On a Table for Avoiding Death

So old school games have a pretty high death rate. Players often start out with few hit points. And when those are gone, they are dead.

Critical systems increase the death rate, and usually leave the players losing out in the long run due to randomness. But D&D combat tends to be very abstract and generic, how to add more of a Appendix N: feel?

What if we handled it a bit differently? Warhammer has an interesting system where if all the wounds are gone, you are just like you always were, just with 0 wounds. Every hit after that then causes a 'critical effect'.

It's a critical table that actually extends the lifespan of the players! Like the great heroes of Appendix N, they don't simply fall over dead, they lose eyes and limbs and have countless crushed bones.

Dying should be fun!

I have created 3 levels of complexity.

Basic information: Being dropped to 0 hit points has no negative effect. You can not drop below 0 hit points.

Super-Simple: When you take a hit that would drop you to, or past 0 hit points, roll 3d12 and consult the table.

Intermediate: When you take a hit that would drop you to, or past 0 hit points, roll 1d6 plus the damage dealt and consult the table.

Keep track of the total number of bleed, internal bleed, and pain points. Roll this many additional d6's when hit to determine your critical.

Complex: When you take a hit that would drop you to, or past 0 hit points, roll 1d6 plus the damage dealt past 0 hit points.
  • Bleed: Keep track of your  bleed total. Each round your bleed increases by the number of times you have taken bleed damage. Add this value to the criticals you receive.
  • Internal Bleed: Keep track of your internal bleed total. It does not automatically increase. Each round roll 1d100. If the result is equal to or less than your total internal bleed total, you fall over dead. Each point of internal bleed causes you to roll an additional 1d4 when hit to determine your critical severity.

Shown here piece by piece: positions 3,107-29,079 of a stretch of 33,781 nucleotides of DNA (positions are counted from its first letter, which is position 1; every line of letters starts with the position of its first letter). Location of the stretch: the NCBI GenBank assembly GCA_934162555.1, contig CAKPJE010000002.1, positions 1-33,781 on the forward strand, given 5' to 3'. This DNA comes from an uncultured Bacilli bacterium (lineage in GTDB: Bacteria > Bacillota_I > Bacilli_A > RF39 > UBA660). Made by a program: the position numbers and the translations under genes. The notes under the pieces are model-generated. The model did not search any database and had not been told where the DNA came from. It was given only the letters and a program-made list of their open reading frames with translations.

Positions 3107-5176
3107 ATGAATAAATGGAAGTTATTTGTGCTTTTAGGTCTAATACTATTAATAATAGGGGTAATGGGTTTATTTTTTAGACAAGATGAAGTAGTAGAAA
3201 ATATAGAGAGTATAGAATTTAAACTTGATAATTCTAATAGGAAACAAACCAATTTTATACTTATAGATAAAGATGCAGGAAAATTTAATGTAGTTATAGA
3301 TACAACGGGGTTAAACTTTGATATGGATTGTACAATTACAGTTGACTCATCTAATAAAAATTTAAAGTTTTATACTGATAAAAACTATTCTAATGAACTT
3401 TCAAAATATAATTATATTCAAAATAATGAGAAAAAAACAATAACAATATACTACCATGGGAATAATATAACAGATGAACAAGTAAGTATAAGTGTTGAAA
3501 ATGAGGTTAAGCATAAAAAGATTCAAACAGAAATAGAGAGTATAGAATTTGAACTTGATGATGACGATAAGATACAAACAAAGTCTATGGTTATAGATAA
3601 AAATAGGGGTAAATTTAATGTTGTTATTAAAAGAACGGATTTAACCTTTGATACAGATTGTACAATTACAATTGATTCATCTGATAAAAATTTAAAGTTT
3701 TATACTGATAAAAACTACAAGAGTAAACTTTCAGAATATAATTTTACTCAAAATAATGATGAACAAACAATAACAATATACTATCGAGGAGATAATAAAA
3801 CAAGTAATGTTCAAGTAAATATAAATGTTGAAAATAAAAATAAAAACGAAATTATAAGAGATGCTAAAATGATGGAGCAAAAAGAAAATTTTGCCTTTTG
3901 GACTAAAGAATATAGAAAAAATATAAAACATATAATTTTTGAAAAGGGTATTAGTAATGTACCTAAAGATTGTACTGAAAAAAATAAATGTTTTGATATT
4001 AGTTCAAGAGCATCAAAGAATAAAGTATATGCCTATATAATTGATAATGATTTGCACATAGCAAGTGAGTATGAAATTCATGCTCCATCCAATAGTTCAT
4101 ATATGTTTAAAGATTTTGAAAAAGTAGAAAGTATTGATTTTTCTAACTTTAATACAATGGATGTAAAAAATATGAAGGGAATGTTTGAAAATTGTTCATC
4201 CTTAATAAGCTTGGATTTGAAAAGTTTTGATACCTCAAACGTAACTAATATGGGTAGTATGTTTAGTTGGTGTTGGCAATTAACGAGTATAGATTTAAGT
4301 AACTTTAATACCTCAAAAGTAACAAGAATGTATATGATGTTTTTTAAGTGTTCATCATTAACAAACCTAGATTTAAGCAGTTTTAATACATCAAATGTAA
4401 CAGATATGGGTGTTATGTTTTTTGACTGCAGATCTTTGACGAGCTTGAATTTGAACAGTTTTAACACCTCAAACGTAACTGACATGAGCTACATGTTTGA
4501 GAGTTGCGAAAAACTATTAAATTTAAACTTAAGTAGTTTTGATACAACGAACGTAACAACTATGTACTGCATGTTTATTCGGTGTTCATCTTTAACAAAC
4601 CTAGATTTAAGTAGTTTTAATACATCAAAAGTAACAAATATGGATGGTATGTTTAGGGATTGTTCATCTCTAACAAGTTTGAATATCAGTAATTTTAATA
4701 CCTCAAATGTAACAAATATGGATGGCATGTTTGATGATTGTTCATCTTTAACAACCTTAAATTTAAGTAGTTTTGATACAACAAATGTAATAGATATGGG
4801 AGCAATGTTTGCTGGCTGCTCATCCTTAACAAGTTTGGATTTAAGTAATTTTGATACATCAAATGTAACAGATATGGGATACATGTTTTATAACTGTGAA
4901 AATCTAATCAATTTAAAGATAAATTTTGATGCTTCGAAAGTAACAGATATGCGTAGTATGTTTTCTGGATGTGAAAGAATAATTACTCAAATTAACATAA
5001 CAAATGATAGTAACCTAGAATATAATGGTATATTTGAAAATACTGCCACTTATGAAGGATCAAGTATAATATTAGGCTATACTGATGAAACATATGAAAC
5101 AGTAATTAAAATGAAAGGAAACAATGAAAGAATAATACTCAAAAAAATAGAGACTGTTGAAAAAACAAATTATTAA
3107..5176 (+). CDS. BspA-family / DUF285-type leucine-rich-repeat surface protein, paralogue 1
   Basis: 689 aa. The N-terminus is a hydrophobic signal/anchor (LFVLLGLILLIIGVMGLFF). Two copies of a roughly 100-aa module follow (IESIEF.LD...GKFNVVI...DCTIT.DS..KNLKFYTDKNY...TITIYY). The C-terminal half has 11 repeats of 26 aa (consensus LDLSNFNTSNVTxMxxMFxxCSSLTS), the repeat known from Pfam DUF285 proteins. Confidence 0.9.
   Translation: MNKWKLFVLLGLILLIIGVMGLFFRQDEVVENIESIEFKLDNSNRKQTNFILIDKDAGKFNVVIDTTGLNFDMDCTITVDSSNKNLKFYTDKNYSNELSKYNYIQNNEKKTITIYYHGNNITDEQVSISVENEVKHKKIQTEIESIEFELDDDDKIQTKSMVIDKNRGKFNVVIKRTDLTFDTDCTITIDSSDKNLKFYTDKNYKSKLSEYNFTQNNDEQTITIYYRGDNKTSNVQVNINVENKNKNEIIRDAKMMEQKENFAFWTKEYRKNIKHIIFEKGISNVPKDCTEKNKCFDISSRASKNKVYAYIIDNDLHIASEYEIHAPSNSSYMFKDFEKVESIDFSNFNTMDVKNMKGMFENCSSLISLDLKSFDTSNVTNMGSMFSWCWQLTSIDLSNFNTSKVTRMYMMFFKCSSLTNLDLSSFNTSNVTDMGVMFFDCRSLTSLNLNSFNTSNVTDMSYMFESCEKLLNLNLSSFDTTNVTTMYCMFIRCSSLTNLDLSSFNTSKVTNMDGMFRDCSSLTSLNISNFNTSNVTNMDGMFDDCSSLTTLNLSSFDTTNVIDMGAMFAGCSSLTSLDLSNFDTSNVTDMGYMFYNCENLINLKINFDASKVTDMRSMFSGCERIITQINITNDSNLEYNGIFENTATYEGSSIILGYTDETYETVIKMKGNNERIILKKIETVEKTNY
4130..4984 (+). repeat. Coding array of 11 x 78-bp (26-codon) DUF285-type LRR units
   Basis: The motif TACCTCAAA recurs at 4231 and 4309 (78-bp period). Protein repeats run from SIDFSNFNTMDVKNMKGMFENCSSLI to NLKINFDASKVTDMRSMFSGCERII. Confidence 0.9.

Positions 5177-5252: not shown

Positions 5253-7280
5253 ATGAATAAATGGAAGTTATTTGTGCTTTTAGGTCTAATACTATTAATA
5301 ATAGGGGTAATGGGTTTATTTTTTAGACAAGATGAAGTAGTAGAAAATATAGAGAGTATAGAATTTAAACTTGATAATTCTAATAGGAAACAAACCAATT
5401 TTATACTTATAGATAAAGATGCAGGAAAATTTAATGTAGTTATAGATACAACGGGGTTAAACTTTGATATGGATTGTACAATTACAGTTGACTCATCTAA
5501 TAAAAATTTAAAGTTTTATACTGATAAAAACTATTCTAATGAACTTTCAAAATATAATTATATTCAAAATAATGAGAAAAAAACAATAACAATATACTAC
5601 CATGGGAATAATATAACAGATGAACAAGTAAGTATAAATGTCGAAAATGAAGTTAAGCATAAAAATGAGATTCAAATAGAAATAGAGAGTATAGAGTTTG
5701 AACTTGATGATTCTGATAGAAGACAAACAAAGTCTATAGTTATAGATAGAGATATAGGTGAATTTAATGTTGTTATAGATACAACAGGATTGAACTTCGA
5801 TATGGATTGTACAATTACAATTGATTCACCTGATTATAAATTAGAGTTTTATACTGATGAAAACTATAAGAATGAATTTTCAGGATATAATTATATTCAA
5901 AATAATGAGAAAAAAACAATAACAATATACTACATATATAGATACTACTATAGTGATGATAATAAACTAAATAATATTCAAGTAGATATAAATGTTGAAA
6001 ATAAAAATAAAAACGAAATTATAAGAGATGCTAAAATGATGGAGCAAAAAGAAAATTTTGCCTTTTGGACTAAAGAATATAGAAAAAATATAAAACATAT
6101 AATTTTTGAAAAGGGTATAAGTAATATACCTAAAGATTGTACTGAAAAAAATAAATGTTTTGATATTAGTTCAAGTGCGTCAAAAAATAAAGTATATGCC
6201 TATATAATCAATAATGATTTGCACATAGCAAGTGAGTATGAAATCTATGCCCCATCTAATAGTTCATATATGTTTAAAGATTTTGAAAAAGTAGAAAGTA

• Pain: Keep track of your pain total. Each point of pain reduces all die rolls by 1. (i.e. if you have sustained 2 points of pain, all your attack and damage rolls are at -2). Each round you may make a Constitution check to reduce your pain total by 1. Each point of pain you have adds 1d6 when hit to determine critical severity.
    • If you are a barbarian, bezerker, or any sort of rage or primitive fighter, pain instead provides a +1 bonus to all rolls
General rules that apply to all the systems above:
Determine which side of the body is struck randomly. Also: when bones are broken or injured, decide randomly, or use what is most exciting. It is suggested that cure light wounds only address hit point damage, and that you require extended rest and healing for wounds involving torn ligaments and bones. i.e. cuts can be healed with spells, but broken bones cannot. A cure critical wounds or heal spell can cure these conditions. Many of these wound will have a negative effect until addressed by a chirurgeon or someone with some degree of medical skill (or a cure critical/heal). On a failure of their skill, they will often leave some permanent damage due to an improperly set bone.When reading the table, effects are separated by a period. If a piece of armor is knocked off or destroyed, don't apply the second part of the effect. Not till the next time at least. 

Rest periods for various effects without magical aid (CCW/Heal):
  • Fractured bones: 1d6+6 weeks
  • Broken bones: 2+1d6 months
  • Torn Muscles/Tendons: 1d6+6 weeks
  • Shattered bones: 8+3d6 months
  • Organ Damage: 10d6 weeks. 10% chance of death per week.
  • Second Degree Burns: 1d4 weeks.
  • Third Degree Burns 2d6 weeks. 
If you fall unconscious, you obviously also fall prone. If you get a result that no longer applies ("How many ears do you have again Greg?"), move up to the next higher numbered item in the list.

This post is subject to the Alexandrian Rule - If you use it, you have to come back and report about it.

All conditions are as follows. All these definitions are trivially superseded by the PRD, and are summarized below.


Dazed: The creature is unable to act normally. A dazed creature can take no actions, but has no penalty to AC.
Deafened: A deafened character cannot hear. He has a 20% chance of spell failure when casting spells with verbal components.